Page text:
I'd seen him once through the glass of Marvin's office and from the look on Marv's face at the time he wasn't pleased. There was something funny about the way the nerd would look in a carton, check his clipboard and move on. I set the broom aside and peered around the corner just in time to see Joe Clipboard walking back down the aisle towards me pulling a cart. He'd stop at a carton, take something from it and put it in the cart. He cherry picked his way through four aisles until the cart was full, then pulled it to a van parked at the loading ramp and up inside.

I was busy taking pictures with my phone the whole time; if only a third of them came out we'd have enough evidence to convict him. He threw a tarp over his loot, shut the doors, drove to the employees' parking lot and strolled off to lunch. I headed for Marv's office and filled him in. He showed me mug shots of all his employees and I picked out the Computer Repair Supervisor.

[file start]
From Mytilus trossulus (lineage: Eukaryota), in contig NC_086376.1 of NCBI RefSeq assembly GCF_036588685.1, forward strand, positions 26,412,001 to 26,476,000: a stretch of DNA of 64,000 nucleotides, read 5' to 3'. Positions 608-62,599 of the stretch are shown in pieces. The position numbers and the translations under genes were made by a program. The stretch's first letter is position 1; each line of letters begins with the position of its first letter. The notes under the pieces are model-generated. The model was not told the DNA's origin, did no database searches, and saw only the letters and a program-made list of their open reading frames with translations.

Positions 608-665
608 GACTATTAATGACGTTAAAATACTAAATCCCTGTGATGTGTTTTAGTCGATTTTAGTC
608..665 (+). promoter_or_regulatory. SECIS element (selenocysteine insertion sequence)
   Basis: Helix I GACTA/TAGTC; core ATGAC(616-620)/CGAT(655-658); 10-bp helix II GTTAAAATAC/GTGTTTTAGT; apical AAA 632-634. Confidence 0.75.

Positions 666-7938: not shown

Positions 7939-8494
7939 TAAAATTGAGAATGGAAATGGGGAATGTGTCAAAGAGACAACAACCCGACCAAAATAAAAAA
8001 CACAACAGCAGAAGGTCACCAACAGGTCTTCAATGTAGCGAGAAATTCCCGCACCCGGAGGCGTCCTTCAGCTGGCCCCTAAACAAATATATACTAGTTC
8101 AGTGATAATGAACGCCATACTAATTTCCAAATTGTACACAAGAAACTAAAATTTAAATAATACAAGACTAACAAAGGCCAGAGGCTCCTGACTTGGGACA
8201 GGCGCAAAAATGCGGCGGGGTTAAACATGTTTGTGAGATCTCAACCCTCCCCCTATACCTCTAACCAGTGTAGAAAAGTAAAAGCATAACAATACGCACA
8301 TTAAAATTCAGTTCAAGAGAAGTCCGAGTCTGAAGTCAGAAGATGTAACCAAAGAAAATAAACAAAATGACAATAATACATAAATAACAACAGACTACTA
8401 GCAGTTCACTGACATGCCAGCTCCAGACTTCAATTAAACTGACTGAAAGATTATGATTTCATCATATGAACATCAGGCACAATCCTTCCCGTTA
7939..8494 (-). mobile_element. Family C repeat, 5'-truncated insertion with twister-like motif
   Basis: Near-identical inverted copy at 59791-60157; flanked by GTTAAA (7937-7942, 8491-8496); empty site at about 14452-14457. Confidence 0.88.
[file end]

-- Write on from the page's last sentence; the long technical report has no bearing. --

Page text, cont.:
I was sitting there when Marv called him in and confronted him. Wally denied it. They argued for a while, and then I interrupted with what I had seen and had shots of. Wally turned white as his shirt and bolted. I caught him halfway across the parking lot. He started crying like a four year old as I led him back to the office.

When the law showed up he squealed on one of the women in Accounting so they hauled her away too. I found out later that they had the hots for each other and were saving up to ditch their spouses and split for parts unknown. Ain't love grand?

Michelle's the name, Michelle Hammer. My friends call me Puss. It's a long story. I'm an ex-cop turned P.I. and I enjoy my work. It's not particularly exciting or dangerous like you see on TV and in the movies, but that's fine with me.